When thinking about sports or activities people tend to visualise teams, or working together with others. That’s one of the things which children need to develop properly, but it’s not the only thing or way that development and working with others can be introduced to kids. There are many children who just don’t like sports, and there’s nothing wrong with that, that’s just how they are.
When you leave a child in a room for 5 minutes, and come back, you’ll most often see that they have found something to engage themselves with. Either they are playing with objects in the room, or making stuff up with their imagination. This is the concept of free play. For kids who don’t play sports, it becomes an integral part of their development. Different for each child, the activities they come up with when left by themselves, can range from playing tag, dancing, jumping rope, shooting hoops, or riding bikes.
If not Sports, then what?
If a child is not interested in sports, there are a myriad of other options they can be involved in to remain fit. Suppose, for those who like adventurous pursuits, there is: swimming, hiking (though this is only feasible if done outside Dhaka), gymnastics, and martial arts. For those who like to enjoy the sensation of being in motion, there’s cycling, running, brisk walking, and skating. For those who like to spend time in one place, there’s yoga, and even dance, and for those who like to move around but not that much, there’s golf. If we were to suggest a miscellaneous option, it would be playing catch, or frisbee.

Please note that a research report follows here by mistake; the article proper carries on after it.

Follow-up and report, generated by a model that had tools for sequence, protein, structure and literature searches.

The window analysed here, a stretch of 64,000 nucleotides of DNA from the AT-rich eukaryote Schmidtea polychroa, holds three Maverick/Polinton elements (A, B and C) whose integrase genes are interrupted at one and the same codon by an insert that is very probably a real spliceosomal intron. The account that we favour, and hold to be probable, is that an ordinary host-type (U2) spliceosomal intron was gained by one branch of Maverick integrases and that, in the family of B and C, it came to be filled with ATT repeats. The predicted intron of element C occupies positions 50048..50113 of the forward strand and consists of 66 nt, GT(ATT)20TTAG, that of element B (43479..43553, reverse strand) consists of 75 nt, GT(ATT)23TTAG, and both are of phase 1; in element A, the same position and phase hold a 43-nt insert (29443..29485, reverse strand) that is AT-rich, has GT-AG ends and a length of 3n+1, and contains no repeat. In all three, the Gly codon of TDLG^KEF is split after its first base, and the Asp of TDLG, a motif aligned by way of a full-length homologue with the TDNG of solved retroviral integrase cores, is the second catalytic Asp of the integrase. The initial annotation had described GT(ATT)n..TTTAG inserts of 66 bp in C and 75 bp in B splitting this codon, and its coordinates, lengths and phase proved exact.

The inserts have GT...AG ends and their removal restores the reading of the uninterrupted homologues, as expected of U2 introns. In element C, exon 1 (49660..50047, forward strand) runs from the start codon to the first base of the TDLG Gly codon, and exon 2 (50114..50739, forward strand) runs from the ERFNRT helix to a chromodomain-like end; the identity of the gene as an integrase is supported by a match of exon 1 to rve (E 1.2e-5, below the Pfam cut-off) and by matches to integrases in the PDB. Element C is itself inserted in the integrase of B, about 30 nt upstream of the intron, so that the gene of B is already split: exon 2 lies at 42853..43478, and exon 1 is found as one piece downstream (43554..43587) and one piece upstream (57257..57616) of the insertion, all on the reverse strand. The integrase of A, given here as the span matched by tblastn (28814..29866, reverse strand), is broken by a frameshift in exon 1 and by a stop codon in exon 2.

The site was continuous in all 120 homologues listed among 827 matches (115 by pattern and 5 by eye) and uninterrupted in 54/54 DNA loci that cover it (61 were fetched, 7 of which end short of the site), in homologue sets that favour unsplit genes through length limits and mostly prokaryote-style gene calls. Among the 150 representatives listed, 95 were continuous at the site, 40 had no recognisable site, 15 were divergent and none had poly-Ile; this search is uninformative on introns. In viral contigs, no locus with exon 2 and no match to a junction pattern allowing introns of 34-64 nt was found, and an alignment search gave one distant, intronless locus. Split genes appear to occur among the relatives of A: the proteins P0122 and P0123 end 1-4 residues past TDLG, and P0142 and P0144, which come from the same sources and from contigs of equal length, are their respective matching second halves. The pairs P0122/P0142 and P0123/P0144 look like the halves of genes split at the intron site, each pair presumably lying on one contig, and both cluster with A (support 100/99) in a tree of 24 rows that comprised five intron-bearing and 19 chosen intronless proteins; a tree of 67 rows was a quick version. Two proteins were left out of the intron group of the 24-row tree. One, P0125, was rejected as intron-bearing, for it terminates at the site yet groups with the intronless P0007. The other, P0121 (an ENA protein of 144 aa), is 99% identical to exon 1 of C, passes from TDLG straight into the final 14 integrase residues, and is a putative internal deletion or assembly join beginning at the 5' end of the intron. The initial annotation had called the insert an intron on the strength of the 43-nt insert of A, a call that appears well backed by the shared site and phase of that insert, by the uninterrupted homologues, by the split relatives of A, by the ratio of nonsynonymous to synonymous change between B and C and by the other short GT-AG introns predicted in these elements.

Be Supportive, but also Ask Why
Sometimes the reason a child may not want to be involved in sports may be external. If you are a parent, talk to your child and ask them why they don’t want to be involved in sports. Ask them if the coach or the league they were to join is too competitive, or if they don’t like someone’s behaviour towards them. It’s also best to talk to coaches and other parents about any doubts you may have. It could be your child likes the sport, but not the competitive aspect of it. The child might be very shy, or have stage fright, thinking that they won’t be good at it, in which case, let your child know that the goal is for them to have fun and remain fit.
Different Kids, Different Needs
Some children are afraid of the ball, hence they might not like basketball or football, but may enjoy running. A child who may be too small for the football team may enjoy martial arts or gymnastics. If the child is overweight, they might enjoy swimming more than running. It is important to let children know that there is no “Normal.” Everybody is different, so they should find the thing which they like the most and stick to it.